|Incredibly, this awkward underpass is part of the Eurovelo 6 bike touristic route. The public road authority forbids cyclists from crossing the road on the surface. Photo stolen from here.|
If you want to lend personal support to this cause, you can sign a petition posted by a Szentendre subgroup of the Hungarian Cyclists Club.
This has a bit of history. Szentendre hasn't been terribly bike friendly over the years, and as someone who works and bikes there on a daily basis, I have ongoing issues with local cycling policy.
However, the local authorities in this case are trying to do something good for cyclists. For many years, the public road manager -- Közútkezelő Kft -- has banned bicycling on Route 11, despite it being the only option for many people to cross the town north to south. On the southern part, there's a shared bike/pedestrian path that cyclists are required to use. It's old and broken up, and not pleasant to ride on. And in order to get from this path to the dedicated bike path leading to Budakalász and Békésmegyer, you have to cross Route 11 through a horrible little underpass. Crossing on the surface is illegal.
From Szentendre's public transport junction (HÉV and Volan bus stop) to the north, there's no designated bikeway at all -- yet you're still banned from riding Route 11. One local cyclist I've met has been cited by police for riding here -- and he successfully fought the ticket in court. Hungary's traffic code expressly permits cycling on public roads unless there's an adjacent bikeway provided. So Közútkezelő Kft.'s ban on cycling on the northern stretch of Route 11 doesn't even accord with the law.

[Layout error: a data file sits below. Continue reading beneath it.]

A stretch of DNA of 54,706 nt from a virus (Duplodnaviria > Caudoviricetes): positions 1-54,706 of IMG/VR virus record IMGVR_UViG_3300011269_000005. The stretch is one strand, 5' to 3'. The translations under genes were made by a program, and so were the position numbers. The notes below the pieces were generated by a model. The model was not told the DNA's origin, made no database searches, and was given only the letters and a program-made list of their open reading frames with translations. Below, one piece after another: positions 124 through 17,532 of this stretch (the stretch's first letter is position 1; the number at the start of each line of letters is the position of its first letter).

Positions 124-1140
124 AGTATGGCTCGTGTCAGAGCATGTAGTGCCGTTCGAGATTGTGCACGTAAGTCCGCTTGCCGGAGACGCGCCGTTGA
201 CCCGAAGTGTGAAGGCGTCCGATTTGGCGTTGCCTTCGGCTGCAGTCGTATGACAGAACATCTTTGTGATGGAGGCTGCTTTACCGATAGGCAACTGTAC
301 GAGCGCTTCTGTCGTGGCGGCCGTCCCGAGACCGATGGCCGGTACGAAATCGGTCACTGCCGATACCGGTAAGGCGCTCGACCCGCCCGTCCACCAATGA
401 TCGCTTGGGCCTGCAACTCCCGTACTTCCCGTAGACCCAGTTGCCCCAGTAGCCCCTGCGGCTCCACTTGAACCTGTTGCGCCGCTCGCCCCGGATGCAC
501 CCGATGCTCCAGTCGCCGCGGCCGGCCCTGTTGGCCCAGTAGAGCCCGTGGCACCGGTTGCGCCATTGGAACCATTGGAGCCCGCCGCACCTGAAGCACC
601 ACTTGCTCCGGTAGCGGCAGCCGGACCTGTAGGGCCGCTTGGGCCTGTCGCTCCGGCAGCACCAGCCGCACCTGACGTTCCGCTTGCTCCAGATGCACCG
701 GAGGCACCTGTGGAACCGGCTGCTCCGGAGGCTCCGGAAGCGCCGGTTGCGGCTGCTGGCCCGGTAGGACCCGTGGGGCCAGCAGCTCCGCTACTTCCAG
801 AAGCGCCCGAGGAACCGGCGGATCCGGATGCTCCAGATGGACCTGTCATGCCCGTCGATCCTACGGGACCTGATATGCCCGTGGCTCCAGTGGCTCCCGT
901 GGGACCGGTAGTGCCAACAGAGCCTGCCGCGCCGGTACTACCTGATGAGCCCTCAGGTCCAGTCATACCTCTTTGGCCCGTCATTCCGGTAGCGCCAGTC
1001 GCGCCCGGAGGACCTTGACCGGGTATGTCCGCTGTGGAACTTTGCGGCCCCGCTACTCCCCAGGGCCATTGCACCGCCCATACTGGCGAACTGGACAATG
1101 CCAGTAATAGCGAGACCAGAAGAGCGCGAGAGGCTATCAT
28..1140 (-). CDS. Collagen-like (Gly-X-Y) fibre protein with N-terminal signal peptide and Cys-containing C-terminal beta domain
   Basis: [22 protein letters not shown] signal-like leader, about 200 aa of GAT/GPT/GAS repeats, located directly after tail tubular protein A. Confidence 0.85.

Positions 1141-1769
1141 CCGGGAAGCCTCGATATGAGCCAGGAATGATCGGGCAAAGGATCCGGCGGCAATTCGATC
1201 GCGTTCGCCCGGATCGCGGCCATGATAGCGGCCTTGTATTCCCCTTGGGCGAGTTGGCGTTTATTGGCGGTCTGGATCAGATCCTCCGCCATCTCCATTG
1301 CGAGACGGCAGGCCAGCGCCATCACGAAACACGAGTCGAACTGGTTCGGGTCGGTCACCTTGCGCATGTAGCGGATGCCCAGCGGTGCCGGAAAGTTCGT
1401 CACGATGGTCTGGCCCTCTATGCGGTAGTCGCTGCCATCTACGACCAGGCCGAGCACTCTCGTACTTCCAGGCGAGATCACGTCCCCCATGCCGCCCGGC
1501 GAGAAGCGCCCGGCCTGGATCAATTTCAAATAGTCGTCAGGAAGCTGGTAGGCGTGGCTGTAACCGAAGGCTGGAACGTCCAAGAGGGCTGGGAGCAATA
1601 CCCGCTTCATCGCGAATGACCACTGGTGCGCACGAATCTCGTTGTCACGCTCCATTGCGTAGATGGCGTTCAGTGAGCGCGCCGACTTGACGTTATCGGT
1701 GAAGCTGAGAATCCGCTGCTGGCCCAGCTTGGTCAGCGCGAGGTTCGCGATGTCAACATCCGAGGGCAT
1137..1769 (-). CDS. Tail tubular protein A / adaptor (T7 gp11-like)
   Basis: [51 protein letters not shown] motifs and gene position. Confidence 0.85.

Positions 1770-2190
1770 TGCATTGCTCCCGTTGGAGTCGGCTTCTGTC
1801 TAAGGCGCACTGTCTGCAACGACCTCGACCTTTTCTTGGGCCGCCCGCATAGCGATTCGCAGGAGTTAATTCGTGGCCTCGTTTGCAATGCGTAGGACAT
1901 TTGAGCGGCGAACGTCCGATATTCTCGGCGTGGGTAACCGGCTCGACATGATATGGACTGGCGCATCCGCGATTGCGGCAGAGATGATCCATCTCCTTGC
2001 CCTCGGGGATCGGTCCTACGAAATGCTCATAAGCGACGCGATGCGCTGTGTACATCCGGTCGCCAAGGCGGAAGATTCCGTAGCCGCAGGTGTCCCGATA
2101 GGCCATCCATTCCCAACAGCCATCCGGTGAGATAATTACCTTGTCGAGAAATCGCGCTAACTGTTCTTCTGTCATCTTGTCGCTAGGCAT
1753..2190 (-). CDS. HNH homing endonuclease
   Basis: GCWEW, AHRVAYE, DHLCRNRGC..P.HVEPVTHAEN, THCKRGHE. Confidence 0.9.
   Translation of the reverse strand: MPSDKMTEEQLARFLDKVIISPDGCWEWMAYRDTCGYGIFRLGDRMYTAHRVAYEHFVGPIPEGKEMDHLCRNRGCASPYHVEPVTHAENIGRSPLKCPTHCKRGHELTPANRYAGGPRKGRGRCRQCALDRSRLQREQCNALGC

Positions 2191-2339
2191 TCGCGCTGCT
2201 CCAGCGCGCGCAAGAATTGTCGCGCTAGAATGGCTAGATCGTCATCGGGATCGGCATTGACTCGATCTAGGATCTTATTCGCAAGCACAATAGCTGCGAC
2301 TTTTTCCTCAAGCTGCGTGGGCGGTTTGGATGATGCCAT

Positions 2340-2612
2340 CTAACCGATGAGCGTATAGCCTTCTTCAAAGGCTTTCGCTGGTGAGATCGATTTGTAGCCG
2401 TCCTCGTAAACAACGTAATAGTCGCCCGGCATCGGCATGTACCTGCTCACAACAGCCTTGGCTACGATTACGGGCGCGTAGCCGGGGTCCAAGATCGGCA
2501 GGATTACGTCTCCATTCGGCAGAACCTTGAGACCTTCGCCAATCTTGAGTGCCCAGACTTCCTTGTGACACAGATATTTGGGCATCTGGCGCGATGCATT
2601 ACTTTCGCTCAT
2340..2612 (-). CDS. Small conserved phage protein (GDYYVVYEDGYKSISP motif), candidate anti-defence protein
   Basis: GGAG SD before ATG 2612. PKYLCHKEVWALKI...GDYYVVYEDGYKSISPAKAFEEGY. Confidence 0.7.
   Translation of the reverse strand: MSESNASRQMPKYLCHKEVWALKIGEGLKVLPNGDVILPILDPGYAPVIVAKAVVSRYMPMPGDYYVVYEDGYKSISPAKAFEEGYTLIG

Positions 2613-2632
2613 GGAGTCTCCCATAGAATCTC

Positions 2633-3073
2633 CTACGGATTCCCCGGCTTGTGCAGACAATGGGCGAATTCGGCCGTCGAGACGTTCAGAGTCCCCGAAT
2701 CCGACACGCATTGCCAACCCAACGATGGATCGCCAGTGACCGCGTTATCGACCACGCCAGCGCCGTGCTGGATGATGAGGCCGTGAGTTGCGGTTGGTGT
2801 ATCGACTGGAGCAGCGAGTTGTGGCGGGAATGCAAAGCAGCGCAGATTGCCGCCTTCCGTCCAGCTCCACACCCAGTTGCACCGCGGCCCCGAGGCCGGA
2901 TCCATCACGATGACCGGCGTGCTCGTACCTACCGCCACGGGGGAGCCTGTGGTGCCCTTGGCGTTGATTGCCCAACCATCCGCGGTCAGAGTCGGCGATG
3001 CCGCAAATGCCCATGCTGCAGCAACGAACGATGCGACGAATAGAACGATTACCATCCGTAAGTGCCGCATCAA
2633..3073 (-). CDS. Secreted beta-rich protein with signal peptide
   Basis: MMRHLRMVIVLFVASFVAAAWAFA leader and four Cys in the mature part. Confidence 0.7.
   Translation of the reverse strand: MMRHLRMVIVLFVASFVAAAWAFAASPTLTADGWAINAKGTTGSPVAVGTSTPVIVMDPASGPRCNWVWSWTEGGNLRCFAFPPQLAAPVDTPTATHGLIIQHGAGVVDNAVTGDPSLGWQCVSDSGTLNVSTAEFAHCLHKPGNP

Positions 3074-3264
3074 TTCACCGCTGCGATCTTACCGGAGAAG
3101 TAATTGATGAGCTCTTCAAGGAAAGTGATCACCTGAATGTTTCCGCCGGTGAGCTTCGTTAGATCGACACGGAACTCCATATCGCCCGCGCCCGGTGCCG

For years, Route 11 has not served as a local road at all, only as a high-volume, high-speed highway between Budapest and Visegrad (despite a posted speed limit of 50 km/hr in town). The local authorities are now wondering if maybe they can claim the Szentendre section for their own citizens, so that people can use it and cross it, by car, foot or bike, without cowering in fear of torrential through traffic. Allowing cycling here would be a good first step.
According to my local cycling contacts, the Route 11 initiative is part of a larger plan to prioritise cycling around the town. A couple years ago, a university student from Szentendre who had researched cycling in Denmark drafted a few relevant proposals for Szentendre. Apparently some of his ideas have caught on at City Hall. I think this is great. I have nothing against the use of cars for longer distance journeys between cities. But for local travel, cycling has an important role to play, and in Szentendre, there's huge untapped potential.